# Redshift and time dilatation of Hawking radiation

1. Dec 29, 2011

### timmdeeg

Micro black holes should in principle be observable by emitting Hawking radiation. However, as this takes place extremely close to the event horizon, shouldn't one expect then extreme redshifting (z = 1/(1-Rs/R)^-1/2 -1, Rs = Schwarzschildradius, R = Radius of Emission) and time dilatation?
In other words, shouldn't see the far away observer the Hawking radiation almost 'frozen'? How long does it take to reach him in far away coordinates?

2. Dec 30, 2011

### Bill_K

timmdeeg, It's important to remember that Hawking radiation is fundamentally a quantum process, and therefore one shouldn't try to take a view of it which is purely mechanistic. All one can say is that the vacuum "in" state contains near future null infinity a thermal bath of outward-going particles. For example where are the particles created? In the vicinity of the hole. You can't say whether it occurs on the surface or near the surface - it is a global effect. And in fact the predominant wavelength of the created particles is about as large as the hole itself.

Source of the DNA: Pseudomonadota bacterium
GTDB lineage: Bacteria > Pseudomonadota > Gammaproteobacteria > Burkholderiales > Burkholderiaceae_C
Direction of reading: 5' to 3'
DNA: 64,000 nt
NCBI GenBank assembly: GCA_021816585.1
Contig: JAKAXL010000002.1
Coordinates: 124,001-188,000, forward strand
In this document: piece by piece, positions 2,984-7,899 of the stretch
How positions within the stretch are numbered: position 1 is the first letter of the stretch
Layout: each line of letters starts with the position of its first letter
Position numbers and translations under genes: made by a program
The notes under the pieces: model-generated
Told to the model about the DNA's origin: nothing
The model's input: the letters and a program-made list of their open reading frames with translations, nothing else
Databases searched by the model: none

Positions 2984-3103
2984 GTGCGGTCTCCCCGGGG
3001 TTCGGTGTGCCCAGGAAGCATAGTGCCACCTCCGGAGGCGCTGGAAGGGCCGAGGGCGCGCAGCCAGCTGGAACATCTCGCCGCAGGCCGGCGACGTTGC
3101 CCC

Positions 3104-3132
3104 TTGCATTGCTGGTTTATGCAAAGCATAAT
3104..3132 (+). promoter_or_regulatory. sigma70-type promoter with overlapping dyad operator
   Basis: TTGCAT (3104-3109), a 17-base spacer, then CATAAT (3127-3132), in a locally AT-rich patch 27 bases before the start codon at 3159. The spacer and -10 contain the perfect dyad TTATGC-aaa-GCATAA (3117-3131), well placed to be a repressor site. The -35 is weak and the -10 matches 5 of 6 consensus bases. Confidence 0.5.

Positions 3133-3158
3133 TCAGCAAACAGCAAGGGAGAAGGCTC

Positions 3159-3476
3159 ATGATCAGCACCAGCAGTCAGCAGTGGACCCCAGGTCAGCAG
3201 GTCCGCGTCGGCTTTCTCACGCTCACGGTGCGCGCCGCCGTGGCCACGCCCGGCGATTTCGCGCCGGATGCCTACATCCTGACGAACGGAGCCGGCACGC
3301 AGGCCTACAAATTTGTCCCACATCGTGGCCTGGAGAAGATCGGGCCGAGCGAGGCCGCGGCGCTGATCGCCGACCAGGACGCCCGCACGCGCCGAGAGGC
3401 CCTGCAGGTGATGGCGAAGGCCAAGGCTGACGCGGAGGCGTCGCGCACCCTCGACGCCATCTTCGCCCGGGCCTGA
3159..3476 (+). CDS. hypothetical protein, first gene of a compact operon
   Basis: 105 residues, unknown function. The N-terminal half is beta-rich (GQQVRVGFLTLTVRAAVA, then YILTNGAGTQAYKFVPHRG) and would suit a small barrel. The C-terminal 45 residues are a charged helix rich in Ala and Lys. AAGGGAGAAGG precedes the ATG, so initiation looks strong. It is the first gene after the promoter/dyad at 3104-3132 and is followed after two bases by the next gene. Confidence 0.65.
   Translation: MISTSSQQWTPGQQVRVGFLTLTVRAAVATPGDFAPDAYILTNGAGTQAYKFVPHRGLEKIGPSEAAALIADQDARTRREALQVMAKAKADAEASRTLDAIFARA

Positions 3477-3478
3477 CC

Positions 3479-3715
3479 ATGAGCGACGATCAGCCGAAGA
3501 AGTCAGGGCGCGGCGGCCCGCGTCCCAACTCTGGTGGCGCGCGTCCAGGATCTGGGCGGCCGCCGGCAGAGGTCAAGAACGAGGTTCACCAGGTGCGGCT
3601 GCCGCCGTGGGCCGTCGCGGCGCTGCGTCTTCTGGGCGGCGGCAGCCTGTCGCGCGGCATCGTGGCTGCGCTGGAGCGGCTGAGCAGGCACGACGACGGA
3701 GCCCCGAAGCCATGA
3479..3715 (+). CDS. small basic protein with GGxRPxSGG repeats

3. Dec 31, 2011

### timmdeeg

Thank you, Bill, your answer is very helpful. So, if the wavelenght is in the order of the black hole, the redshift is much less significant than I was anticipating it. But there should still be some redshift, as the photon climbs out of the gravity well of the hole, right? Are there any calculations?

You mentioned the thermal bath. Could you kindly explain, whether there is any physical difference between Unruh radiation and Hawking radiation near the horizon?

4. Dec 31, 2011

### tom.stoer

the Hawking radiation is already expressed for an asymptotic observer, so there's no additional redshift

5. Jan 1, 2012

### timmdeeg

Ok, thanks for clarifying.

Share this great discussion with others via Reddit, Google+, Twitter, or Facebook